This is Jeff Bayer, and I don't update this site very often. If you'd like to listen to my current movie podcast you can find it at MovieBS.com.


Pina Directed by: Wim Wenders Cast: Pina Bausch Running Time: 1 hr 46 mins Rating: PG Release Date: January 20, 2012

PLOT: A 3D documentary that celebrates the unique style of choreographer Pina Bausch, as performed by those who worked with her throughout her life.

WHO'S IT FOR?: You don't have to be a fan of dance to get caught up in Pina. Outsiders are just as welcome, considering the many interpretations each choreography can provide. Those who do have knowledge of dance, or even experience, would be sad to miss seeing this in 3D.


Boosted by the beautiful work in Scorsese's Hugo, 3D is given another reason not to be totally hated with Pina. Wenders keeps his camera alive during performances by using a lot of handheld, and makes the 3D image worthwhile by bringing his camera right into the action. Joining artful directors like Scorsese and Werner Herzog, he uses 3D to its full potential. Just as they have done with their curious forays into the format, he makes his 3D imagery look more rich than anything we could see in real life. In a somewhat blasphemous statement, seeing Pina for 12 dollars will be more rewarding to your eyes than a seat in the back row at an actual dance event (but don't tell anyone else I said that).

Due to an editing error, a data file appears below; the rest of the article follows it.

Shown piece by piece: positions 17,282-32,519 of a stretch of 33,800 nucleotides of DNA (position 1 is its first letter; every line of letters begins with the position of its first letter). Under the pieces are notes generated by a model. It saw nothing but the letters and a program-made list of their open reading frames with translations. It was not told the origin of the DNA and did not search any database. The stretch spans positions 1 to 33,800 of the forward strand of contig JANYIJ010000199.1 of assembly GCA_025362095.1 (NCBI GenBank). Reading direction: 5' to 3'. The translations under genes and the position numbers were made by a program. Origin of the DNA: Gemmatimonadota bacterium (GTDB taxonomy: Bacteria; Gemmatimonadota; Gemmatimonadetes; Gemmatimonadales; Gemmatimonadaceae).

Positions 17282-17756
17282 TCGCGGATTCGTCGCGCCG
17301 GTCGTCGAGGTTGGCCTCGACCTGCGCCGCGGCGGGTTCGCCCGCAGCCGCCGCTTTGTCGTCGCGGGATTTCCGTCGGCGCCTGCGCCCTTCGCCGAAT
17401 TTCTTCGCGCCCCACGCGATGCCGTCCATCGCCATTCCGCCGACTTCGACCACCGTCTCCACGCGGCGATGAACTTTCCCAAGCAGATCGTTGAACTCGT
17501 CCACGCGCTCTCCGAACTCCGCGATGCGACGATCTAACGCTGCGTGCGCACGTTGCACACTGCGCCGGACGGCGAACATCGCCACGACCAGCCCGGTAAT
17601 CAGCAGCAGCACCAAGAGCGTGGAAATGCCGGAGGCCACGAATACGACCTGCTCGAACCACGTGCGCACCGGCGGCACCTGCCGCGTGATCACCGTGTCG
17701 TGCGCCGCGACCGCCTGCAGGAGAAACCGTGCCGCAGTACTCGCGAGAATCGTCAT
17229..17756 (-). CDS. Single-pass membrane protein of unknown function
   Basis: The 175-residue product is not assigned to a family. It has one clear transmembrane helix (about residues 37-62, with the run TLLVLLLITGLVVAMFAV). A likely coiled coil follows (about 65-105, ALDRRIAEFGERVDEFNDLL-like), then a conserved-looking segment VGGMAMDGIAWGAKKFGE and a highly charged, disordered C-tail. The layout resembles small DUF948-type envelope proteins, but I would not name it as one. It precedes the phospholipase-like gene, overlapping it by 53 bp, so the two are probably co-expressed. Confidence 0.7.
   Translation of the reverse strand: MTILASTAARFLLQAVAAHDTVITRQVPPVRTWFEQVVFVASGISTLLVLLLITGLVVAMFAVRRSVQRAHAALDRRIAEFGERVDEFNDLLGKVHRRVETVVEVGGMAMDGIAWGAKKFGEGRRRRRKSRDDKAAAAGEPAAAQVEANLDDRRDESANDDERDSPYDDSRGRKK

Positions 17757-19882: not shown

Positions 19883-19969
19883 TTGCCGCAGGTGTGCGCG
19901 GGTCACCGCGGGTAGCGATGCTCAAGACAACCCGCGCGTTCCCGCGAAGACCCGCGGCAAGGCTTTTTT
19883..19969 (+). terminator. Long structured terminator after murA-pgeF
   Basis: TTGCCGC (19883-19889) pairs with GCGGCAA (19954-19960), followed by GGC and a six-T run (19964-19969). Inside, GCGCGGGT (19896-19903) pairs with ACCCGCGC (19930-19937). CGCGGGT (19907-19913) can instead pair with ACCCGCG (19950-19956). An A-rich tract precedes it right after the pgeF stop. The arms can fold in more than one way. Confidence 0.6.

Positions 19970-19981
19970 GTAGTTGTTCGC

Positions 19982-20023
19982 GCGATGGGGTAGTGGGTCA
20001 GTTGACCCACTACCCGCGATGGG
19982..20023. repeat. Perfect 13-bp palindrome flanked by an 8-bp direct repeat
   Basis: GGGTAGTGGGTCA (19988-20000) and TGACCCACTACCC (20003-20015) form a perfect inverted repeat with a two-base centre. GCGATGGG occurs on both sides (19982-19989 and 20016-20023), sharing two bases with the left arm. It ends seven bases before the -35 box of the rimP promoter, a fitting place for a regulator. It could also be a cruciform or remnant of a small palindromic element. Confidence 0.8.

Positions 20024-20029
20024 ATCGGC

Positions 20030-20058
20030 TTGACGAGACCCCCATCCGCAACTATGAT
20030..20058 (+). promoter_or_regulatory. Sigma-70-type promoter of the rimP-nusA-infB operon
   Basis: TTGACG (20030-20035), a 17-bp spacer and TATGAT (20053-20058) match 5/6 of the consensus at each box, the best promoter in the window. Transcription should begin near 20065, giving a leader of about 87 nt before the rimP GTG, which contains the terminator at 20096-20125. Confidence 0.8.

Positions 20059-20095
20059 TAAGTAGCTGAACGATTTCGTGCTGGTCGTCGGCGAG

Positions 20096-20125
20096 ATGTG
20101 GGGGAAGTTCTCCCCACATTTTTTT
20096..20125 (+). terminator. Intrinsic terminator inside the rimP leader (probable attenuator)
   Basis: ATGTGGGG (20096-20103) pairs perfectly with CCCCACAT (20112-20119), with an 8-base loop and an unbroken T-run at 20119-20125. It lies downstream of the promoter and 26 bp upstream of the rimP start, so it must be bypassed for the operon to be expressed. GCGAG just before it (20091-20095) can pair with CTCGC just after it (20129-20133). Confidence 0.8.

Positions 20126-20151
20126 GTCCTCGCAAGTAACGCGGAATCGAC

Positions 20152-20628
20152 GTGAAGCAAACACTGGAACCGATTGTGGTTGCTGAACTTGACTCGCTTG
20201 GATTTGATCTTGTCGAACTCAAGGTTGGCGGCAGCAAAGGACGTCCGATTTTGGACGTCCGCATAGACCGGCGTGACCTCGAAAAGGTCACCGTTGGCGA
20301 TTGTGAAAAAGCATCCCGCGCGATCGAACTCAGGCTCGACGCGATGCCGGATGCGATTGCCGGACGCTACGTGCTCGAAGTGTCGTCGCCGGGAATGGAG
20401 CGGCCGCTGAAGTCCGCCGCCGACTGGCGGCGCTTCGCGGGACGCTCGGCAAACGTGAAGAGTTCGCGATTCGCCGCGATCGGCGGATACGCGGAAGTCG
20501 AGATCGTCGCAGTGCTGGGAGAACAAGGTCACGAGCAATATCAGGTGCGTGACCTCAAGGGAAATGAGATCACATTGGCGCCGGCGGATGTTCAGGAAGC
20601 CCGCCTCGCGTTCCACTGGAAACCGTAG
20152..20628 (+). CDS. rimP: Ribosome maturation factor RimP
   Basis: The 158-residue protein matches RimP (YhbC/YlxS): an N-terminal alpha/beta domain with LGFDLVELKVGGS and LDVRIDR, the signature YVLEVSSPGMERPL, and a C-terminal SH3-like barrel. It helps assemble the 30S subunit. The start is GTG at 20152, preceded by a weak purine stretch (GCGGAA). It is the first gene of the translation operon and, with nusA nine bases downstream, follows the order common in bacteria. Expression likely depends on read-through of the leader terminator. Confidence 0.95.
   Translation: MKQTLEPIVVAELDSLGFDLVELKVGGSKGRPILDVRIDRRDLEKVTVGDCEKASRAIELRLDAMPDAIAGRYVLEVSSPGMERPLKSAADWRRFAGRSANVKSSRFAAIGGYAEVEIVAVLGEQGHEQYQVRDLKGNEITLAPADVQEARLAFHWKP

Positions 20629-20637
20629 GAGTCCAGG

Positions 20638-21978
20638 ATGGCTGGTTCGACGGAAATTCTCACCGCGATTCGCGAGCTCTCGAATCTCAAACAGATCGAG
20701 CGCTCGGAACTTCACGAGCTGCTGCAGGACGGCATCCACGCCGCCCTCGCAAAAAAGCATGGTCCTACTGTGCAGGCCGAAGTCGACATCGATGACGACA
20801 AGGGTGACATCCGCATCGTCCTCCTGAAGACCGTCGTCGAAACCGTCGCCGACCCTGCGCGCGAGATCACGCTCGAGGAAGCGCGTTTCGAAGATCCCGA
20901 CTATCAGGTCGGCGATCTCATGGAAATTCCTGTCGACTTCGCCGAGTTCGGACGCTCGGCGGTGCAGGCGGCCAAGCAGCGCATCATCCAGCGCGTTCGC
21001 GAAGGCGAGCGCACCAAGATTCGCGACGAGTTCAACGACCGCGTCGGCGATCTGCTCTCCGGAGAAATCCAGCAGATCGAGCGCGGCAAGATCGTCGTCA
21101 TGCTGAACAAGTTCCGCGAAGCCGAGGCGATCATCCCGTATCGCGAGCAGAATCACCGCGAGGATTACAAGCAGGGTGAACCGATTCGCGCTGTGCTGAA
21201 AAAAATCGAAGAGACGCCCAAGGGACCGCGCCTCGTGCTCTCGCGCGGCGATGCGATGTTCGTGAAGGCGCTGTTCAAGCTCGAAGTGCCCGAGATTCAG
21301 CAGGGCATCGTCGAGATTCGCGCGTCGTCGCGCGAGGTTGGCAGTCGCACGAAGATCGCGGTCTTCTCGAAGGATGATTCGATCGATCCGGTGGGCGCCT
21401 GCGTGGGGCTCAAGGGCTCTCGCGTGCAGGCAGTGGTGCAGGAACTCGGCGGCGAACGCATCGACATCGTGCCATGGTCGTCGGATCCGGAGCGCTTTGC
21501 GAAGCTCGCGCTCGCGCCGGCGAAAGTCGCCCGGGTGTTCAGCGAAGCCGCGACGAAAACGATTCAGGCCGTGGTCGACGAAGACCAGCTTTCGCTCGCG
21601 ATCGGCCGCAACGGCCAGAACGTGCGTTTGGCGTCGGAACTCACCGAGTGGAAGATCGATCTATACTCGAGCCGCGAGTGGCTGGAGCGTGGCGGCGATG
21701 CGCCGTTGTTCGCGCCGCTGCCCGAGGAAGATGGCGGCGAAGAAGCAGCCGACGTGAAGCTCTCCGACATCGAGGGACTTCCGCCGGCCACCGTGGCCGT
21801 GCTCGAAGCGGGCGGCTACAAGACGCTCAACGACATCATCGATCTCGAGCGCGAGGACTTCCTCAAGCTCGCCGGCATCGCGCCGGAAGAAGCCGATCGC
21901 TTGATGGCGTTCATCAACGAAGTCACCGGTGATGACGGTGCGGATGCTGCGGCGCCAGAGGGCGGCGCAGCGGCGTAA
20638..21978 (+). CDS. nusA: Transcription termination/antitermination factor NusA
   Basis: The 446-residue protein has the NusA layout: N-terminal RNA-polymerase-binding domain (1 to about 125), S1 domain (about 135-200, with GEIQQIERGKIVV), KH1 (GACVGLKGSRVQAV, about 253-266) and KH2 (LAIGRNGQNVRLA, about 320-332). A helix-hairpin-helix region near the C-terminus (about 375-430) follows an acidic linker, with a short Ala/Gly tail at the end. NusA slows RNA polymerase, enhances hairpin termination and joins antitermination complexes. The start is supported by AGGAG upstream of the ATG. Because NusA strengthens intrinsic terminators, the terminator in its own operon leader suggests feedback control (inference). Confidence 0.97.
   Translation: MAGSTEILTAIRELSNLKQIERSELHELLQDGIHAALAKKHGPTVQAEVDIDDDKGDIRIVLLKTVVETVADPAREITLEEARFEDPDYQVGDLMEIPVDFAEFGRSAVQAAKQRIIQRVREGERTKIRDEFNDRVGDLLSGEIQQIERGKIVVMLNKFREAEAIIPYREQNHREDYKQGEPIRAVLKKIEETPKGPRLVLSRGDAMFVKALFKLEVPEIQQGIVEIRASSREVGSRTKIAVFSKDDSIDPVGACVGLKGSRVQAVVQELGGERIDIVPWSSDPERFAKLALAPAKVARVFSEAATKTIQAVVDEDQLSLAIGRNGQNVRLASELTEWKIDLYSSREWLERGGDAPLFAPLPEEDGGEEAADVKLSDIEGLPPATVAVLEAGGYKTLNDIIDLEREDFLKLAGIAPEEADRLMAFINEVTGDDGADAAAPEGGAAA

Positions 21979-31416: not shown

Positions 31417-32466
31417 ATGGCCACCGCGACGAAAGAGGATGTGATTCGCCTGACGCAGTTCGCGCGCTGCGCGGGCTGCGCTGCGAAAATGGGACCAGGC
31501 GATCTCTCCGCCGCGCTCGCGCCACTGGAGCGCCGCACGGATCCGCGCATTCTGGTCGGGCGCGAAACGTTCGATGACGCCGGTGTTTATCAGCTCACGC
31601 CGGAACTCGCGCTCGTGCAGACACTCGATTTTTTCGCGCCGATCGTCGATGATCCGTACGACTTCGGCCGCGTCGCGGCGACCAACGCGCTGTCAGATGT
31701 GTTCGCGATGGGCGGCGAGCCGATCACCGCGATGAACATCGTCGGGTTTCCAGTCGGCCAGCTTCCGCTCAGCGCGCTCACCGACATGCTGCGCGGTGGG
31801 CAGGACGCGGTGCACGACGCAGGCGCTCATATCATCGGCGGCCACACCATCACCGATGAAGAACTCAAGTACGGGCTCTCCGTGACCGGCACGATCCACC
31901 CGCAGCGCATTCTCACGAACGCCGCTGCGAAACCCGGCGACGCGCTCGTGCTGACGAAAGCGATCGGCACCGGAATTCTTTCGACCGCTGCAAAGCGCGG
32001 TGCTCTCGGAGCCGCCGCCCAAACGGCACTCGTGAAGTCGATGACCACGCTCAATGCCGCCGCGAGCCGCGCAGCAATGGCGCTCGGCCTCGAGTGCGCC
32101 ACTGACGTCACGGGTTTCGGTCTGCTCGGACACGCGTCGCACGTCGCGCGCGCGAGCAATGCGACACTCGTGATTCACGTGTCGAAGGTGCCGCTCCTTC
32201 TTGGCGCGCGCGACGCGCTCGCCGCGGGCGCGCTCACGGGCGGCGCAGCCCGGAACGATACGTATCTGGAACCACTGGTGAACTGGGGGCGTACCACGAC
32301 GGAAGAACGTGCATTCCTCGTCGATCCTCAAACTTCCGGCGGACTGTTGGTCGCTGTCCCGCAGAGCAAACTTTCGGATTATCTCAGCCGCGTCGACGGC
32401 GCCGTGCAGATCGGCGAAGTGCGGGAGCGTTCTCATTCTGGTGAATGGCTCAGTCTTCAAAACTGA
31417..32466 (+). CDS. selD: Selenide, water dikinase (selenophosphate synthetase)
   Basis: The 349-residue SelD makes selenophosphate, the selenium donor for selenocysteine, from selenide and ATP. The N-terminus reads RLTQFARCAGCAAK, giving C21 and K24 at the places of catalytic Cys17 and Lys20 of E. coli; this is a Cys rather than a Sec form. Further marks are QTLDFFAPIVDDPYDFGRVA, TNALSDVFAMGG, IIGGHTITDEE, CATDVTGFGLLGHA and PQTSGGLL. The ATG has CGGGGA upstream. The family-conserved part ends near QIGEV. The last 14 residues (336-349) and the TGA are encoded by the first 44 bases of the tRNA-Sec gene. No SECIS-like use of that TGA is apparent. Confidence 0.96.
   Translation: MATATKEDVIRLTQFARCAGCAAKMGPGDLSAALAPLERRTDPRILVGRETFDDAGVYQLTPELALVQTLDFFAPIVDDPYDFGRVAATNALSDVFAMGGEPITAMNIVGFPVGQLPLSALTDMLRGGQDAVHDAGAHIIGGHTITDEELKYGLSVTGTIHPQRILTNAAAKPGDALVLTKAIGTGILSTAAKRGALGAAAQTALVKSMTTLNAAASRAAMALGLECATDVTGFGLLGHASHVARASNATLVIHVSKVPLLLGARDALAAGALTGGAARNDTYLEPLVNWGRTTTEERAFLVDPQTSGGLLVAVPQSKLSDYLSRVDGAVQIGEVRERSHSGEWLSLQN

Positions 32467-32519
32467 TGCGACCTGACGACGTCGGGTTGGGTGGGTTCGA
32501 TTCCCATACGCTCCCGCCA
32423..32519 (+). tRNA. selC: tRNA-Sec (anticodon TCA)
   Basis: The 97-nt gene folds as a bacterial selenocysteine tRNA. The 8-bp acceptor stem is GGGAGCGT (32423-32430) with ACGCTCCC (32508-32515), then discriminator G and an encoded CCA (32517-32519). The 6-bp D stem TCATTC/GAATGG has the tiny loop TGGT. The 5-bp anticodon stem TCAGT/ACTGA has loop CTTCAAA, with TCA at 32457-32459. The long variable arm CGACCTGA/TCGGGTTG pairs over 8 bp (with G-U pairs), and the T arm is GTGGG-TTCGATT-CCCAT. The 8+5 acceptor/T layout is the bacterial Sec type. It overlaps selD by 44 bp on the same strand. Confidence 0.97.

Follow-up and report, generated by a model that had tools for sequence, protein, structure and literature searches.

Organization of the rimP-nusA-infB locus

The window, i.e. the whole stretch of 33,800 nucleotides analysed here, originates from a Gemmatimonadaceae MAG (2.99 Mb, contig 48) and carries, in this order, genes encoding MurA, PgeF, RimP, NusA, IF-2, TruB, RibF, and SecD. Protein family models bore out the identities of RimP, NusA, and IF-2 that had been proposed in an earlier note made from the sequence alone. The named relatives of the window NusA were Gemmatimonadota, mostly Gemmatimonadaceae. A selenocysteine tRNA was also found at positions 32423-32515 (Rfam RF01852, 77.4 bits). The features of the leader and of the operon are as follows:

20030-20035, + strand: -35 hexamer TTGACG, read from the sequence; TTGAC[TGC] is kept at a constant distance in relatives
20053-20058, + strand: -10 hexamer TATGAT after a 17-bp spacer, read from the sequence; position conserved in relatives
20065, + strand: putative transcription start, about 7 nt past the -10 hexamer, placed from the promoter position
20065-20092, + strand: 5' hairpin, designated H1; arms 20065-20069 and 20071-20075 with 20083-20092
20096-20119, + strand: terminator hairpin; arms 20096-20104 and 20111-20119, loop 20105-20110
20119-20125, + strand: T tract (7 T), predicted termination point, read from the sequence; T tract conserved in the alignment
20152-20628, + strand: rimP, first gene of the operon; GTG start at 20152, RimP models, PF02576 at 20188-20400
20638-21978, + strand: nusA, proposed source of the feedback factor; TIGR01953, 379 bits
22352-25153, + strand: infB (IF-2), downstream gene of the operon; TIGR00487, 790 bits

Wenders provides a great amount of different, vivid sequences for the audience to chew on. There's the usage of large rocks, large rooms, a lot of chairs, tall cliffs, open spaces, etc. Such sequences also use wild locations, such as an island in the middle of the road, or the inside of a trolley car.

During these sequences, Wenders often has someone speak about the piece, or about how the instructions of Pina changed the way they view the world (the dancers themselves become memorable landscapes for the film). Basically, Pina is a group of artists speaking artistically about their art. It's the Avatar of an arthouse experience, and not just because its in 3D.

As stated in its ads, Pina is not a movie made about choreographer Pina Bausch, so much as a movie made for her, by Wim Wenders. It is the type of radiant passion project that's contagious, regardless of whatever you knowledge of the subject you may carry into the movie theater. Pina loves movement, Wenders loves Pina's movement, and while experiencing Pina (in 3D, preferably), you'll be caught up in its passion.



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